Torenia is an annual plant of the family Scrophulariaceae that is used as an ornamental summer bedding plant. Torenia is also an experimental plant with several useful characteristics, i.e., ease of genetic transformation, ability to differentiate adventitious structures, protruding embryo sac, and capacity for in vitro flowering. Genetic transformation of torenia was first reported in 1995, and it has been used in various transgenic studies. Torenia is a useful model plant for transgenic studies on ornamental plant characteristics such as the color, shape, and longevity of flowers. In this paper, the characteristics of torenia as an experimental plant and the transgenic studies performed with torenia are reviewed.
The reaction of 9-hydroxy-10-oxo-12(Z),15(Z)-octadecadienoic acid (KODA) and catecholamine in water (pH 8.0) in vitro generates many products, and we have shown that the major adduct FN1 among the reactants of KODA and norepinephrine is a potent inducer of floral differentiation in Lemna (L.) paucicostata 151 [Yokoyama et al. (2000) Plant Cell Physiol 41: 110–113, Yamaguchi et al. (2001) ibid 42: 1201–1209]. Since such reactants may be involved in flower induction in vivo, it is of interest to elucidate the structure-activity relationships among the reactants to throw light on the nature of the putative active site. Here, we report two other adducts, designated as FN7 and FN10. They are structurally similar to FN1, having a tricyclic structure with 12-cis-olefin conjugated with noradrenochrome. FN10 was a more potent inducer than FN1. These results are consistent with the hypothesis that tricyclic KODA/norepinephrine adducts play an important role in flower-induction in L. paucicostata, strain 151.
Untranslated regions of eukaryotic genes contain elements that in combination with proteins/RNAs modulate translation of individual messenger RNAs. Elements present in 5′-UTRs that influence translational efficiency include AUG sequence context, and presence of uAUGs/uORFs. To assess the level of 5′-UTR mediated translational regulation in rice, a genome-wide computational analysis of rice 5′-UTRs was carried out in comparison with 5′-UTRs of Arabidopsis. Rice 5′-UTRs were generally longer and more GC-rich than those of Arabidopsis. 30% of rice and 34% of Arabidopsis cDNAs contained upstream AUG triplets (uAUGs). For both organisms, a higher proportion of uAUG-less cDNAs possessed start codons which conformed to the consensus sequence context compared to uAUG-containing cDNAs. Although the GC composition of the start codon context varied between and within rice and Arabidopsis, the critical positions, +4 and −3, were conserved. 24% of rice and 30% of Arabidopsis cDNAs possessed upstream open reading frames (uORFs). Combinatorial analyses of start-codon context, uAUG context and context of uAUGs of upstream open reading frames of individual genes indicate that about 30–34% of genes in rice and Arabidopsis are likely to be influenced at translational level by signals present in 5′-UTR as they possess uAUG/uORFs with sequence context conforming to the consensus sequence There was very little conservation of uAUG positions or uORFs between rice and Arabidopsis. However, there was conservation of uAUG positions between rice, wheat and barley.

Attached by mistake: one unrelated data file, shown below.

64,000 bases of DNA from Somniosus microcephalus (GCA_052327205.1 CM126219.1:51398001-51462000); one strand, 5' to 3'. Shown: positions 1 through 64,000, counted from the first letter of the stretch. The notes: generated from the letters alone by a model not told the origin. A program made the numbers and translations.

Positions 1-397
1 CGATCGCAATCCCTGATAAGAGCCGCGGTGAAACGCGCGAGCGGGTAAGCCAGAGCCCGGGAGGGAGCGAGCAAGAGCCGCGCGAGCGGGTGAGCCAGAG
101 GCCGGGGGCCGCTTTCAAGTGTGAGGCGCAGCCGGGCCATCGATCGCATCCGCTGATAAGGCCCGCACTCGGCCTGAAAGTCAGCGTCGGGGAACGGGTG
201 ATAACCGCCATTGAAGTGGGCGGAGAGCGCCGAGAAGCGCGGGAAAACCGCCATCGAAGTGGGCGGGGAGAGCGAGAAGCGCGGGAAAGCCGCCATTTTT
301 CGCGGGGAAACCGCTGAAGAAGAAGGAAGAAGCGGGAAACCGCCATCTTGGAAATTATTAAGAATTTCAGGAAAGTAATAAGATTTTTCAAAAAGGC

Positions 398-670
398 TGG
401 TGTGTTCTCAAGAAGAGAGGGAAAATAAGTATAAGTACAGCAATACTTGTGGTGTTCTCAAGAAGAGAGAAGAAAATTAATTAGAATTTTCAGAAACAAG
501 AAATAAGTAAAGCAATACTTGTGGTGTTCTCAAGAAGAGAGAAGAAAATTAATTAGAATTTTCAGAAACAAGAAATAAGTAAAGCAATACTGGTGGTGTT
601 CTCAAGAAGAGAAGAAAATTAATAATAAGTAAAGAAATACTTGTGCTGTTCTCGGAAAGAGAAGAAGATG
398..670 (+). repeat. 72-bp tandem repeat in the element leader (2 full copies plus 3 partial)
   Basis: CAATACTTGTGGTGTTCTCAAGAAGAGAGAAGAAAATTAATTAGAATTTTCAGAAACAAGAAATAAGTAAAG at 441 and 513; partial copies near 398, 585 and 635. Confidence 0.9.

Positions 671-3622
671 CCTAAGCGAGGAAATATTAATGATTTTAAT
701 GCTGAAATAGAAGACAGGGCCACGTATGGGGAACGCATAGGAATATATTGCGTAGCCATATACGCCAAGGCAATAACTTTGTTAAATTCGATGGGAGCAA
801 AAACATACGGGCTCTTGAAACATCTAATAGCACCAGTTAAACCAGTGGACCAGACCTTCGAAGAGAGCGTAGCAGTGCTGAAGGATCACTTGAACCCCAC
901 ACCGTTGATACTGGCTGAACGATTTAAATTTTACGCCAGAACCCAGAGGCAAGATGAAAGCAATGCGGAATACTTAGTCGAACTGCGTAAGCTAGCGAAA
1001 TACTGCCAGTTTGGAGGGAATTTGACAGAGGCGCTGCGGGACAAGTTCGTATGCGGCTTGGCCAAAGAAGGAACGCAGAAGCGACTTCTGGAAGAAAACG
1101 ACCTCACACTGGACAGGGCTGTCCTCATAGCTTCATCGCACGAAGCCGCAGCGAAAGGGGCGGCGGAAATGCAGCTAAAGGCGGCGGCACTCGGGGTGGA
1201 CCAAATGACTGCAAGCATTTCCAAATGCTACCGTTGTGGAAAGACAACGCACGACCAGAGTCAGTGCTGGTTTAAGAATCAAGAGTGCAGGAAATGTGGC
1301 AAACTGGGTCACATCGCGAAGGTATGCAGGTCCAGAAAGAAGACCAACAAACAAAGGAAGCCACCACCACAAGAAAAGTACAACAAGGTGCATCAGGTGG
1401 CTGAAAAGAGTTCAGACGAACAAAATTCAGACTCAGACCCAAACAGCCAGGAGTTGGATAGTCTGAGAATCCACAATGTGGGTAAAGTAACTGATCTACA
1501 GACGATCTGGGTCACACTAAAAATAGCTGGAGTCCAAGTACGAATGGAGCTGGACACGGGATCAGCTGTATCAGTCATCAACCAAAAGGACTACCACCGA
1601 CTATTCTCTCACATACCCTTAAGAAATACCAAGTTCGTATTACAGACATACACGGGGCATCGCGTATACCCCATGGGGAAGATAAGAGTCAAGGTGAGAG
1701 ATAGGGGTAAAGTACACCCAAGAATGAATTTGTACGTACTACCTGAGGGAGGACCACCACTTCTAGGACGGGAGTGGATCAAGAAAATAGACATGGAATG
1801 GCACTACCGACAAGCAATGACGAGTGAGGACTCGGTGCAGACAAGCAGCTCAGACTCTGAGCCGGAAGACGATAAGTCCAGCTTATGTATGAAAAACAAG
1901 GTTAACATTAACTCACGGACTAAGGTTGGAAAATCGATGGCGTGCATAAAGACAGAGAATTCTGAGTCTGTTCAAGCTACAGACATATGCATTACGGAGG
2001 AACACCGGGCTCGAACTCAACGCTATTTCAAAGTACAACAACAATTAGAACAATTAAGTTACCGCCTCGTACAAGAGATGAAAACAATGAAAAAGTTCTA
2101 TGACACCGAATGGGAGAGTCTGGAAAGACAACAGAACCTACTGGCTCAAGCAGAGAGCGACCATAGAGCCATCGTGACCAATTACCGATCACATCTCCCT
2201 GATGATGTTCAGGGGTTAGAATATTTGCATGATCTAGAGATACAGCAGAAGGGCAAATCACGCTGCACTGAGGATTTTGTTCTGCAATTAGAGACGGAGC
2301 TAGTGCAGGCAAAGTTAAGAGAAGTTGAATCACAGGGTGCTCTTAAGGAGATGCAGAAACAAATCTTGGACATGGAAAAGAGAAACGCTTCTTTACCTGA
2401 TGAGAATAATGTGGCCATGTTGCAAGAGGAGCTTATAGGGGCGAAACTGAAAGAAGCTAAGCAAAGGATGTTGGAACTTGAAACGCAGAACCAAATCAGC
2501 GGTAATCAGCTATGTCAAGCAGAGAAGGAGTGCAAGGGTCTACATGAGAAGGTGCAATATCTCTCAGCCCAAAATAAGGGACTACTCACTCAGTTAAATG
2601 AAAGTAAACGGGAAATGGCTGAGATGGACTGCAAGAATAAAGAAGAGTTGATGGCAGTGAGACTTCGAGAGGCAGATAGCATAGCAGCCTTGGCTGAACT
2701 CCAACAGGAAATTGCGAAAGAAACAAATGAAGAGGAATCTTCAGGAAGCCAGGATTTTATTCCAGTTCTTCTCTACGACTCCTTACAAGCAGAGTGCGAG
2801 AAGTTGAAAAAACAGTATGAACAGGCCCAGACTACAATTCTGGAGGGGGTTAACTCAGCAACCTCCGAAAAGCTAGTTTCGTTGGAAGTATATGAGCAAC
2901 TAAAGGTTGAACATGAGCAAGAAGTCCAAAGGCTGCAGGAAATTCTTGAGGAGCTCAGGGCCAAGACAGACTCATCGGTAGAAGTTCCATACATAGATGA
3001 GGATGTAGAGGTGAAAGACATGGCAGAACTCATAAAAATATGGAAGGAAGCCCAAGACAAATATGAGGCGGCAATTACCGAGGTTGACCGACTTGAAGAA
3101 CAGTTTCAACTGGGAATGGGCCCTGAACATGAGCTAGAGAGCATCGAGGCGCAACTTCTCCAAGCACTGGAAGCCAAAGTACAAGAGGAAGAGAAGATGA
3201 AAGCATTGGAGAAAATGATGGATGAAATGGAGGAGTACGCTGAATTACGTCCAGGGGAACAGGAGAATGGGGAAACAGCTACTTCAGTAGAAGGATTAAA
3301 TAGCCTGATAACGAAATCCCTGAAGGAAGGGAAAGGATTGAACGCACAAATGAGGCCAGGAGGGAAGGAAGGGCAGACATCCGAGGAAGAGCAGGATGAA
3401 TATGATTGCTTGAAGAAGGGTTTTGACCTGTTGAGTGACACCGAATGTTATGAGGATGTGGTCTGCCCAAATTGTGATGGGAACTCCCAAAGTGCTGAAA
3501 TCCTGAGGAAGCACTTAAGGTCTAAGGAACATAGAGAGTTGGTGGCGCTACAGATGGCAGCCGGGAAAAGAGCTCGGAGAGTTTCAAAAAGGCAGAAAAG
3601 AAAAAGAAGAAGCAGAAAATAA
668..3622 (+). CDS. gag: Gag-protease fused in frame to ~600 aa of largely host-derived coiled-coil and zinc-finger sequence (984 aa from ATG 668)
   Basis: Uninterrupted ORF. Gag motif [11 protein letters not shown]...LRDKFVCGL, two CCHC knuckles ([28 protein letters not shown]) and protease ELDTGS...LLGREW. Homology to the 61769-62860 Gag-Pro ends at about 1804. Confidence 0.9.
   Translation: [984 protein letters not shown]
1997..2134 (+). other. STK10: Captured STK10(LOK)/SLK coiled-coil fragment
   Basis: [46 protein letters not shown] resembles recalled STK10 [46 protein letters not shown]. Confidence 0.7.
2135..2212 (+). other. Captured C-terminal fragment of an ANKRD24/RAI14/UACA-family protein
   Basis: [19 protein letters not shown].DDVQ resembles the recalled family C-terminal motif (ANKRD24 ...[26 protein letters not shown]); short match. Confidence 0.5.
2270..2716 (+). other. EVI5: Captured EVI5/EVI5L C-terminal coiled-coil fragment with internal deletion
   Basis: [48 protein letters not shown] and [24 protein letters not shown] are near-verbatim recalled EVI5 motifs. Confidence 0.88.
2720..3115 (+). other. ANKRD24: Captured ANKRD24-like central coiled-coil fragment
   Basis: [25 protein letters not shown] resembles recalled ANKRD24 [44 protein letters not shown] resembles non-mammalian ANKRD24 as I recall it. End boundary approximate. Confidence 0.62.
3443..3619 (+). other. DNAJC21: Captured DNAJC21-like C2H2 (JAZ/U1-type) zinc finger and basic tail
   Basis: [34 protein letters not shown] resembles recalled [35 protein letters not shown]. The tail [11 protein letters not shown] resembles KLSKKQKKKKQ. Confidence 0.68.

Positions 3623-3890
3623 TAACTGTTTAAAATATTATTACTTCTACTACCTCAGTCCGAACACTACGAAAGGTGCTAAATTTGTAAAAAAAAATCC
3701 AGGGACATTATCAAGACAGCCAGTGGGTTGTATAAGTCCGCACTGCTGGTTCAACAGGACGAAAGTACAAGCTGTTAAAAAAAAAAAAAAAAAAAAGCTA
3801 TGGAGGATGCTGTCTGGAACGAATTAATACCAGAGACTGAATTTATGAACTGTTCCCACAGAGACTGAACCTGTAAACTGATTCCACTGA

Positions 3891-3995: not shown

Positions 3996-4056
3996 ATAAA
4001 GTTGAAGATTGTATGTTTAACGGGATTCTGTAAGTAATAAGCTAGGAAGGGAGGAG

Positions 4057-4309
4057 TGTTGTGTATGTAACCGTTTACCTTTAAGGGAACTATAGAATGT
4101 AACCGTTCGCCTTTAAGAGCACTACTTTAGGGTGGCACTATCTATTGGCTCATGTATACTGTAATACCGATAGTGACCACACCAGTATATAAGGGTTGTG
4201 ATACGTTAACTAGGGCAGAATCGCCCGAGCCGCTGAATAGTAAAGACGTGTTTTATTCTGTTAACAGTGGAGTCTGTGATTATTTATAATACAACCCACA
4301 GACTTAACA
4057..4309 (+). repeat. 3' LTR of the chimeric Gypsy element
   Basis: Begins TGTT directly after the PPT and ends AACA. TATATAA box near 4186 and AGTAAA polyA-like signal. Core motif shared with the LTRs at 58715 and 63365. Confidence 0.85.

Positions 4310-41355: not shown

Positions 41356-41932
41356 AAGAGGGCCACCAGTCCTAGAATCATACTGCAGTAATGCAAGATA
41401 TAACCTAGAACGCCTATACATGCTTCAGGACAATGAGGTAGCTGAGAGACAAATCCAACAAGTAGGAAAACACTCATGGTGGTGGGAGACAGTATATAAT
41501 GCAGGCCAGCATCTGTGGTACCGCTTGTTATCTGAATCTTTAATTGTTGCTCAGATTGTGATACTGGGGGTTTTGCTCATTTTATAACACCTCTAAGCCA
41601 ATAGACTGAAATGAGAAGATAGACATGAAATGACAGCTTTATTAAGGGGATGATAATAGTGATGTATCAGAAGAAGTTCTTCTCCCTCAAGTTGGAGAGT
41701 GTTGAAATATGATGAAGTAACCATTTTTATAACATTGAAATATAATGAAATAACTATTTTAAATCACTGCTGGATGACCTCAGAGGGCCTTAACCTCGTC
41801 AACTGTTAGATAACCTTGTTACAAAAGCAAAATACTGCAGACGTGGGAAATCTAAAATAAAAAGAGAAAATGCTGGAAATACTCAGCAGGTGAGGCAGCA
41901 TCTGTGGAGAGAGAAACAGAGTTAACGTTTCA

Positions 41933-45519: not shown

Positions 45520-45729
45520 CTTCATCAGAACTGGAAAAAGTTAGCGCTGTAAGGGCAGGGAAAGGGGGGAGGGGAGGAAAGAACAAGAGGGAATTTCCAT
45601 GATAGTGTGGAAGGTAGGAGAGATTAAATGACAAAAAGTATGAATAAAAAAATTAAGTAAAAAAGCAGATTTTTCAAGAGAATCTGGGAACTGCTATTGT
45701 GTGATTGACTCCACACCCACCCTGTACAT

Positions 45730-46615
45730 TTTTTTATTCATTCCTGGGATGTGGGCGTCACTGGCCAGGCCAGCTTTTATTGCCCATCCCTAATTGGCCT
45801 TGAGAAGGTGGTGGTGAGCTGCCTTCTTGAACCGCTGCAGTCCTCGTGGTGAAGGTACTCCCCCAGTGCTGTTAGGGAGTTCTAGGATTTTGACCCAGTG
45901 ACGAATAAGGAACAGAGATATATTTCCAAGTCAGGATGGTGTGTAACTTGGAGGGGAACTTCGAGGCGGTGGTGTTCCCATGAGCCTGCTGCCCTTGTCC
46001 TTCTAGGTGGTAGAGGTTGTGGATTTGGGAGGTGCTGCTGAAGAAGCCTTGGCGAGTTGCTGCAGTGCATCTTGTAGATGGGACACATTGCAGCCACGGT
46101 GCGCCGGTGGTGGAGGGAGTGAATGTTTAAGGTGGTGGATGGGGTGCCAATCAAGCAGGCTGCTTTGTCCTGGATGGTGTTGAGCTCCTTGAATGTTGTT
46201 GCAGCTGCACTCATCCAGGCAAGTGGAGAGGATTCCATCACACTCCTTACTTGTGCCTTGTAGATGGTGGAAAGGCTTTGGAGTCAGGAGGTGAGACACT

Pharbitis [Ipomoea] nil cv. Violet is an excellent model plant for the study of photoperiodic induction of flowering because it can be induced flowering by a single short-day. However there are few molecular-level studies of the induction of flowering in Pharbitis. To gain insight into the photoperiodic induction of flowering, we isolated an APETALA1-like gene (PnAP1), which showed high similarity to SQUAMOSA (SQUA) and AP1. PnAP1 expression at the shoot apex was induced only under flowering-inductive conditions, and PnAP1 expression was induced from 24 h after the start of the inductive dark period. Both night-break and low ambient temperature during the dark period effectively repressed PnAP1 expression and flowering. Timing of PnAP1 expression assessed through induced cotyledon removal indicated that the floral stimulus began to move from cotyledons 14 h after the start of the inductive dark period. The results indicate that floral transitions begin immediately after the inductive dark period and that PnAP1 is a good molecular marker of floral transition.